A medical device standing by in a hospital setting.

Welding for medical devices often requires a very delicate and specific process; one that can be tailored to unique geometry and form autogenous welds (containing no filler material). Resistance welding and laser welding both fit the above criteria, but there are distinct differences between them that impact part design, process control, and the type of bond that is formed between components.

Here’s a quick comparison between resistance welding and laser welding:

Resistance Welding for Medical Devices

  • Heat is generated by an electric current, which softens and joins the metal (solid state bond).
  • Forms an internal weld, avoiding possible air contamination.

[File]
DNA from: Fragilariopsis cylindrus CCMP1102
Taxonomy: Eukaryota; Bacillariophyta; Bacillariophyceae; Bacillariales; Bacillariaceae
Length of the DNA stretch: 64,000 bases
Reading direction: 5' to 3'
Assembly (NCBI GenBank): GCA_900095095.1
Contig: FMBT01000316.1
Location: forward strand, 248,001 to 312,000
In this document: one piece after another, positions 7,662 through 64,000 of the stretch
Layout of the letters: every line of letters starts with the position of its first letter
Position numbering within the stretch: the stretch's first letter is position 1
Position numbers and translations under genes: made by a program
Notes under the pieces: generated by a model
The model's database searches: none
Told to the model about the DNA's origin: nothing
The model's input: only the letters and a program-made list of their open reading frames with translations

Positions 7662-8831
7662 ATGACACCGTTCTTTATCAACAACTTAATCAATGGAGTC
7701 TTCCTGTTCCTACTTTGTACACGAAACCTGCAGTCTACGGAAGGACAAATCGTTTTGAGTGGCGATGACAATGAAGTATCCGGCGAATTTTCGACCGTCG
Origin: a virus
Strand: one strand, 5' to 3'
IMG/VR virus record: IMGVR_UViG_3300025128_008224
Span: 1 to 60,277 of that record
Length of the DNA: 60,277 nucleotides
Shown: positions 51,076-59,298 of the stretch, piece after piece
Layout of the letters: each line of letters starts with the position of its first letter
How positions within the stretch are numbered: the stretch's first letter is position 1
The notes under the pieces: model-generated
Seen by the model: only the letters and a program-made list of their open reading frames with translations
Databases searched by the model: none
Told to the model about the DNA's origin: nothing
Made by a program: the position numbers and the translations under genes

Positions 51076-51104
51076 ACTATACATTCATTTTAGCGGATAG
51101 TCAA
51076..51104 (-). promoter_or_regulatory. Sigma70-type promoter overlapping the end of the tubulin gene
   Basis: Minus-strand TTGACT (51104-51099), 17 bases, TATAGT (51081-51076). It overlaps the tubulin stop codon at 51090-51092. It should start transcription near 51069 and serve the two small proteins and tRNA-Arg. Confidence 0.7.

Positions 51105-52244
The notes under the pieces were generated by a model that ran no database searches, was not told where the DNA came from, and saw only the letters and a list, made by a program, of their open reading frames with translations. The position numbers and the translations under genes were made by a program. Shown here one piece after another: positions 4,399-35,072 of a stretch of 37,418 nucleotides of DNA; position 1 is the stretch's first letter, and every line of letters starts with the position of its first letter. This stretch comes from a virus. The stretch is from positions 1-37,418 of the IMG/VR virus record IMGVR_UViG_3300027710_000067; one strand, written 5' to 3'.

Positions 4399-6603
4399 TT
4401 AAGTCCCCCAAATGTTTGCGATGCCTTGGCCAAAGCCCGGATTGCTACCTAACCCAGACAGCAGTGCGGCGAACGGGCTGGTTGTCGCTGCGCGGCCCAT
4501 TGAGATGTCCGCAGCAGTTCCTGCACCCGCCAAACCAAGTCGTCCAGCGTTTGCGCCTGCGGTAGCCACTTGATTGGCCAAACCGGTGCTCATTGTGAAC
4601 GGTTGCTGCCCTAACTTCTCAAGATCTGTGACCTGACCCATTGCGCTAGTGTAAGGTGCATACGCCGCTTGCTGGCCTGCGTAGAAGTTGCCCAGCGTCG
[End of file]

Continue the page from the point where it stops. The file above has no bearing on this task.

• Excellent for welding fine foils and wires.

Laser Welding for Medical Devices

  • Absorbed energy melts the metals to form a bond (fusion weld).
  • Produces external welds, with only a small section of the component being exposed to the laser.
  • Several weld configuration choices, and especially ideal for for hermetic seam welds.

Further Reading on Welding for Medical Devices

One of our partners, Dr. Girish P. Kelkar of WJM Technologies has written an excellent primer on the subject, “Resistance and Laser Welding for Medical Devices”. With over 30 years of experience in the field, Dr. Kelkar has been a valuable resource as a consultant, and our technicians have taken advantage of his training courses as part of their professional development.

His article discusses:

  • Weld configurations for both resistance welding and laser welding
  • Types of bonds
  • Process control and monitoring
  • Weld testing and analysis


Every project and circumstance is unique. Contact one of our experts! We’re happy to make recommendations and answer any questions you may have.